“Moscow is like a small European city in the mid-90s,” says Anton Krasovsky. “Everybody knows everybody. Everybody knows who’s gay, even if nobody’s out.”
Well, not nobody. In 2013, when the Duma was debating a new law outlawing “gay propaganda”, Krasovsky was a beloved Russian TV personality, working for a news channel he’d co-founded called Kontr TV. At the end of a wide-ranging discussion on the proposed legislation, Krasovsky said, on air: “I’m gay. And I’m just as much a human being as President Putin, or Prime Minister Medvedev, or the members of the Duma.” Less than a week later, Krasovsky was no longer working for Kontr TV, the clip was removed from the archives and his face had been scrubbed from the website.
And yet ask him and his friends what it’s like to be gay in Moscow and they shrug. “Moscow attracts gay men from all the villages, so there are more gay people in Moscow than anywhere else in Russia. And they all just want what everyone else wants: somebody to love.”
Moscow is, indeed, gayer than you might think. There might not be many dedicated gay clubs – the five-floor behemoth of Central Station being a notable exception – but many bars and restaurants have gay nights, from Cafe Mart to Mono to the famous Sunday discos at Propaganda. When it comes to clubbing, at least, the biggest concern for gay men in Moscow isn’t prejudice but what Russians call “face control”, which the Daily Beast describes as “knowing the right people – or having the right look”. There’s a gay magazine, Kvir (say it out loud) with listings and frothy lifestyle features: more Out than Advocate. With all the media furore over rising anti-LGBT activity in Russia in recent years, it can be a surprise to see how pink the capital feels in some places.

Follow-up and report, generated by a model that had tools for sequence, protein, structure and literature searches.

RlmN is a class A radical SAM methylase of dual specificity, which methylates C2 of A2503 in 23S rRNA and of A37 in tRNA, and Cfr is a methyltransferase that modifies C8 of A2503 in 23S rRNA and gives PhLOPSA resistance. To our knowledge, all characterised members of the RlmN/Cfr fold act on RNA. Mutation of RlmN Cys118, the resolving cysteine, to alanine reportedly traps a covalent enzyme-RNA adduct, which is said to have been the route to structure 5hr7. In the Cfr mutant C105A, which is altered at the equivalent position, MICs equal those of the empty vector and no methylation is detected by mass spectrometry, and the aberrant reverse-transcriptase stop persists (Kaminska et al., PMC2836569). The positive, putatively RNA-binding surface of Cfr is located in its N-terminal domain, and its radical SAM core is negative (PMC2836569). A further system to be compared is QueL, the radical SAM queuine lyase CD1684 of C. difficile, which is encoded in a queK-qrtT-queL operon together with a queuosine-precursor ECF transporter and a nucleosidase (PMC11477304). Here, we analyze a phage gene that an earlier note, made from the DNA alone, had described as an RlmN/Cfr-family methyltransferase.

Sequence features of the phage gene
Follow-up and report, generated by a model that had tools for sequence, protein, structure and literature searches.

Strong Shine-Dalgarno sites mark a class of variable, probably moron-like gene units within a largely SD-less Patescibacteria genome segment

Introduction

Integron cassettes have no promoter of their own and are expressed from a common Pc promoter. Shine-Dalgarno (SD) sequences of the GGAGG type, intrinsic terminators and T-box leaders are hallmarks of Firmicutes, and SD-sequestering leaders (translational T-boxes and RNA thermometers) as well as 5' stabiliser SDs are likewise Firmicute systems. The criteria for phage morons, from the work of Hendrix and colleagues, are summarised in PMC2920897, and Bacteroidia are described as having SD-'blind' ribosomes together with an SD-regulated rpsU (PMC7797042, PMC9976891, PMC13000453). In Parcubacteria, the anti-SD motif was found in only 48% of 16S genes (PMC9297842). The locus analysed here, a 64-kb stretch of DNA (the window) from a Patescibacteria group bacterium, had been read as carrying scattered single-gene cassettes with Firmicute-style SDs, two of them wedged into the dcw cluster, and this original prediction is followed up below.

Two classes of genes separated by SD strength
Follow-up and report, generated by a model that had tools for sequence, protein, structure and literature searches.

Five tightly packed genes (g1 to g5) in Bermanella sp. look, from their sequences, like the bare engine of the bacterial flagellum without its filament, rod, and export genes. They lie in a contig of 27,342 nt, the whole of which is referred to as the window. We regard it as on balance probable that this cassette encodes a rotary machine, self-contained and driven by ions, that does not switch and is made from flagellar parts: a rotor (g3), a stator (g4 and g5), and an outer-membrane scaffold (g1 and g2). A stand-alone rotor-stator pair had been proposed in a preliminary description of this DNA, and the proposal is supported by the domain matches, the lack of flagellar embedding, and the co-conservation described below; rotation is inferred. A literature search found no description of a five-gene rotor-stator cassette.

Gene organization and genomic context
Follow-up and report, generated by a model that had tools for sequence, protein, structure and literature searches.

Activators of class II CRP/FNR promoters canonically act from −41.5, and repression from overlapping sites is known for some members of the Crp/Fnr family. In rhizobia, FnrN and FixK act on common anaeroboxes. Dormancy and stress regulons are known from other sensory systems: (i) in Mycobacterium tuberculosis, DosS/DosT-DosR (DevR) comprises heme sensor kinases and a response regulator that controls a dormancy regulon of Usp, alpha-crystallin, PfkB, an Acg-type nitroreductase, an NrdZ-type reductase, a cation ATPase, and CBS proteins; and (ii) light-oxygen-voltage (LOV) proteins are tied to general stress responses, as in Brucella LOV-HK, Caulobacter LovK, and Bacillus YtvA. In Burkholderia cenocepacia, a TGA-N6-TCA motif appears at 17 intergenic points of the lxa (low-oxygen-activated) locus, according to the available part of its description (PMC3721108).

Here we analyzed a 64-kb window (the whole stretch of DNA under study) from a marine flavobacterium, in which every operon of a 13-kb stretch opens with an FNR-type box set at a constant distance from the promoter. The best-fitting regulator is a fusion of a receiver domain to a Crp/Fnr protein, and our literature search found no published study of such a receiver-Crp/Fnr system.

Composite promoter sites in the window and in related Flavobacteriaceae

“As if I’m so old to know about that!” bristles Tim, 22, a model agent having a drink at Sanctions Bar, when asked if gay life has got harder in Moscow over the last five years. “But no, it is getting better here. Of course I am out because I work in fashion – most people in my office are gay – but I have to hide it from other people. But there are more gay nights and I think things are improving.”
Sanctions Bar itself – a semi-ironic anti-western theme bar decorated with oil drums, dollar bill toilet paper and a menu featuring Barack Obama’s face crossed out – has just recently started dabbling in attracting a gay clientele. Tim is wearing a blue ribbon on his wrist. “A white ribbon means single, red means in a relationship and blue means flirting. They made us choose one. I didn’t really want to.”
There might not be much in the way of Russian public media celebrating gay life, but Tim watches the E network and the Kardashians and considers New York his spiritual home. “Still, my dream is to be able to walk down the street holding my partner’s hand. I don’t think that will ever happen in Moscow.”
Andrey, 27, an engineer, is one of those “gay men from the villages”. Born in Grozny and raised in a village near Moscow, he moved to the capital at 21, drawn by the Eurovision song contest that Russia hosted in 2009. “Of course I was immediately very excited in Moscow,” he said over a coffee on a sunny June afternoon in the rear courtyard of Cafe Mart, next to Moscow’s Museum of Modern Art. “In Grozny I had to keep it a secret from my parents and my friends. But of course I needed to meet men, to have boyfriends and to have sex.” Andrey used apps, but on moving to Moscow found he didn’t need to be quite so discreet any more – although he’s still in the closet at work. “It makes me uncomfortable when men talk about women. A colleague asked me which of the girls at the office I’d like to hook up with. I said I don’t date in the workplace.”